One of the hottest topics in machine translation and one of the topics I ignored so far is unsupervised machine translation, i.e., machine translation trained without the use of any parallel data. I will go through a seven-month-old paper published at this year’s ACL titled An Effective Approach to Unsupervised Machine Translation authored by the NLP group from the University of the Basque Country. It is neither the first paper on this topic, nor the most innovative, but it presents great results nicely summarizes what does it mean to build an unsupervised machine translation system. And because this post is about a complex system, it is a little bit longer than usual.

Unlike standard machine translation models that are trained using pairs of sentences where one is a translation of the other, the authors of this paper used monolingual data only. Still, they were able to train machine translation systems that performed better than the best systems at WMT 2014 which used over 4.5M parallel sentence pairs at that time. To calm down the optimism, let me note that the translation was tested only between German and English and French and English. The languages are culturally quite similar (from the same region, talking about similar things) and there are waste amounts of data available. It is thus quite unlikely that something like this would work for instance for translation between Czech and Nepali.

In the end, their model is a standard neural machine translation model. The magic is hidden in how the model is trained which is quite a long story. There are three phases that you need to go through when training an unsupervised machine translation systems. (At least in this paper, there are also some alternative approaches.) They are:

  1. Training bilingual word and n-gram representations;

  2. Building a statistical MT system (Yes, the years-ago-death-sentenced technology strikes back!);

  3. Iteratively learn neural machine translation on back-translations.

The training goes from the word-level, through phrase-level to sentence-level neural models.

Training bilingual word representations

The famous word2vec that can embed words into a meaningful vector space where semantically similar words end up close to each other is known since 2013. Since then, people came up with better ways of embedding words, but the principle is still the same. A pretty small neural network predicts what words are likely to appear in the surrounding of a word. To do it well, it needs to learn an informative representation of the word. Because it has limited working space, it poses an advantage for the model to represent similar words (i.e., words that are used in similar contexts) similarly.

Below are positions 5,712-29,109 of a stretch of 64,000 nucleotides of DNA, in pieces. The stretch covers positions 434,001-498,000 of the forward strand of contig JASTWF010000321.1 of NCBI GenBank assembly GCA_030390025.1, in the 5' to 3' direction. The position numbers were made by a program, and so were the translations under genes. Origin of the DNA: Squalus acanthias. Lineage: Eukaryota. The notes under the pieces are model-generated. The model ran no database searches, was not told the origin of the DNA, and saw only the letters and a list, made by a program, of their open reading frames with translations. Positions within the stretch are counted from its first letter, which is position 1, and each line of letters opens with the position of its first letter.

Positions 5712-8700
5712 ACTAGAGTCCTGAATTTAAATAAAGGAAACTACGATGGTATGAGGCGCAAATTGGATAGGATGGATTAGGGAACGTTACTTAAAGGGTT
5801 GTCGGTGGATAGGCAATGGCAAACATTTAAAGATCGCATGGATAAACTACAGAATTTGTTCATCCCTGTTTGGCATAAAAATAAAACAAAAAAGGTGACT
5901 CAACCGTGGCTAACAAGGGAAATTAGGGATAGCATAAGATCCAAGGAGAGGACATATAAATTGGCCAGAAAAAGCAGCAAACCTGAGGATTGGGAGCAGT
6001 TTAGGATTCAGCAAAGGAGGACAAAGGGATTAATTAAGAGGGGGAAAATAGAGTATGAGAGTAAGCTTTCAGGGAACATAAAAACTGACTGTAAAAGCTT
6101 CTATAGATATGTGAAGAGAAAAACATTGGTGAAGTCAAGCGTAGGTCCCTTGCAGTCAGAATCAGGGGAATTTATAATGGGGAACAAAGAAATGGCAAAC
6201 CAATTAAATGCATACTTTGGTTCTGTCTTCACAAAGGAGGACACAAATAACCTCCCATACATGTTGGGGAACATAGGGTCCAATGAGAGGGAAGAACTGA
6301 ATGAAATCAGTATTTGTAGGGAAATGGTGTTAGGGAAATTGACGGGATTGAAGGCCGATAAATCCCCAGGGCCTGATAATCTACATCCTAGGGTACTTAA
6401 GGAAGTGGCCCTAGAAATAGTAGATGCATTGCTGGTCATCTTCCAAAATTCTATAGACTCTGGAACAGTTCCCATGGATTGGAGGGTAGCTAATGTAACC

Later, people also noticed that if we have a bilingual dictionary or parallel data, we can fit a projection between the embedding spaces using just simple linear regression. After the projection, words with similar meanings in both languages end up having similar vectors.

This sounds cool but even cooler is that since 2016 there are methods on learning such a projection even without a prior dictionary. A small (so-called seed) dictionary is enough for the beginning and we can then continue with self-learning. With the first methods, the seed dictionary contained Arabic numerals which are supposed to have the same meaning in most languages. Later it showed up that at the beginning, a very approximate dictionary created using statistical heuristics is enough.

When we have a bilingual dictionary (even a low quality), we can fit the regression between the words in the dictionary. In the next step, when we have the projection, we can build a new bilingual dictionary based on the better projection that we just learned. And then, when we have a new better dictionary, we can fit a new even better projection, use it to get a dictionary, and so on. At some point, this process converges and we end up with a pretty good dictionary and projection of the word embeddings into a common vector space. We can obtain a dictionary simply by searching for nearest neighbors in the other language.

This is fine, but if we want to build a statistical machine translation system, we need more than single word translations. We need the translations of entire phrases. This is surprisingly easy to get. Once we get the word vectors trained, we can merge words into word n-grams and continue training in the same way, we did before. The model just learns to guess what words are in the surrounding of an n-gram.

Building a statistical MT system

The first unsupervised machine translation systems in 2017 were based on neural networks, but their performance was rather poor. This got changed in 2018 when guys from the University of Basque Country and from Facebook AI independently used the good old statistical machine translation.

Statistical machine translation decomposes the translation into two independent components: